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Women and Children First

February 20, 2008
Women and children first
by Grant Brown
When the Titanic hit an iceberg in dead-calm waters in the north Atlantic, there was time but not nearly enough life boats to rescue everyone. Spaces were rationed according to the perceived value of the passengers. Those with first-class berths were more likely to have been saved than passengers from steerage. This pattern of rescue reflects the classism of British society at the time.

But classist distinctions were far from the most significant that went into the rationing process. The first priority was given to children, who are dear to everyone. Along with children went women, their natural care-givers. Because the mentality of the age was to lump women and children together, first, women from steerage were more likely to survive the sinking of the Titanic than men from first class. A few men were allowed onto life boats only because they were needed to row them to safety. Men who forced their way onto life boats to save their own lives were universally deemed cowards.

The sinking of the Titanic illustrates powerfully how gender expectations that favour women go almost unnoticed–or if noticed, approved–even in our equality-conscious age. If a contemporary statistic is needed to support this claim, consider that 97.4 per cent of occupational deaths occur to men. This is not an employment opportunity that anyone seems eager to equalize. A century after the Titanic, we still instinctively lump women and children together, first, in almost every social policy or program where gender is a relevant variable.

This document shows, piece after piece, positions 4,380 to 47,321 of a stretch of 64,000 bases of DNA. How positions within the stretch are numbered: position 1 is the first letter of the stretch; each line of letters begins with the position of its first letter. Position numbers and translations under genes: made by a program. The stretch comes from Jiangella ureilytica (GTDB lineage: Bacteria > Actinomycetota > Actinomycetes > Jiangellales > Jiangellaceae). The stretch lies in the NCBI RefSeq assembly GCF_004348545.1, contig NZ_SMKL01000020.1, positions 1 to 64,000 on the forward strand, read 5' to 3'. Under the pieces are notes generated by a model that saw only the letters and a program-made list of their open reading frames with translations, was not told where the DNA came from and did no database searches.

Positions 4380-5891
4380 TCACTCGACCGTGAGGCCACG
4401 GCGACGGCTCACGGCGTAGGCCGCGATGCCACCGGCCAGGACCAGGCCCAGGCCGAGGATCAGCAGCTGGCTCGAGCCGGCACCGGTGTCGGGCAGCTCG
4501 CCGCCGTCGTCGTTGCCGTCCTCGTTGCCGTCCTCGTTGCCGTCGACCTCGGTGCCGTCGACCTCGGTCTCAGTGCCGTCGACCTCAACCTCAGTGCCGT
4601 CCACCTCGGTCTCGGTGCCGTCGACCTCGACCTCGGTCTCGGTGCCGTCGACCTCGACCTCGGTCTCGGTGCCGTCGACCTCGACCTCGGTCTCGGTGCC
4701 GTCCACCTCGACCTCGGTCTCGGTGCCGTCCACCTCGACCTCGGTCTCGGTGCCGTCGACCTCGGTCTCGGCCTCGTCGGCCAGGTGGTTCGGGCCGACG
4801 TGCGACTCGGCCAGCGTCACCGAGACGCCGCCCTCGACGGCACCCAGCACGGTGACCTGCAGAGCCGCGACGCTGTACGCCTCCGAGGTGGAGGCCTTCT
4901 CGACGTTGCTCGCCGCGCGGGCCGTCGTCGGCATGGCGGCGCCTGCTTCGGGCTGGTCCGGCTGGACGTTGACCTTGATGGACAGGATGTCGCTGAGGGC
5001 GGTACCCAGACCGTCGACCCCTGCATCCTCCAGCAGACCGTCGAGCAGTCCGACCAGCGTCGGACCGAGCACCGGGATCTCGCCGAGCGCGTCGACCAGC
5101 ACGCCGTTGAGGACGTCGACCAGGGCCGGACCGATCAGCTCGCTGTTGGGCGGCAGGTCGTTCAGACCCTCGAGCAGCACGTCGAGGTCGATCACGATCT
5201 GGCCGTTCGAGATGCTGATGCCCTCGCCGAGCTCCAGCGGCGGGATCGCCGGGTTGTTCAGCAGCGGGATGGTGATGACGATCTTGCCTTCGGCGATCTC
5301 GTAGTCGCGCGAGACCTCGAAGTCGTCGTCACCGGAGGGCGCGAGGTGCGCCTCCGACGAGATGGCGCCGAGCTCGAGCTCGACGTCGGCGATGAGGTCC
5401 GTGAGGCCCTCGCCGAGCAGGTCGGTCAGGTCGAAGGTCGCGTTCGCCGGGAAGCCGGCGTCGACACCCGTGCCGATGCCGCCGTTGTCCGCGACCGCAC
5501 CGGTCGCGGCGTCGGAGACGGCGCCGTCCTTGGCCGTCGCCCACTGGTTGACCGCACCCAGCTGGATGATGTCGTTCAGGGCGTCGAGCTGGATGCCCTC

Feminism has enjoyed remarkable success, in an historically short period of time, reshaping society to eliminate the disadvantages suffered by women under traditional gender norms. This success has been possible only because feminism preys on a powerful, natural inclination of deference to women that is bred into both men and women alike. If women feel passionately about wanting something, it just isn’t manly or prudent for men, individually or collectively, to deny it to them. In the ideological battle of the sexes, it is of the first importance to understand the origins and power of this innate inclination of deference to women.

A general principle of evolutionary biology is that competition is greatest for "limiting resources"–those things whose availability is highly correlated with population size in a given setting. When it comes to reproduction, females are the limiting resource. This is because males have an effectively unlimited capacity to reproduce, whereas females can produce only about one child per year. Because one male can do the reproductive work of tens, or hundreds, or thousands, males are, genetically and psychologically speaking, more expendable.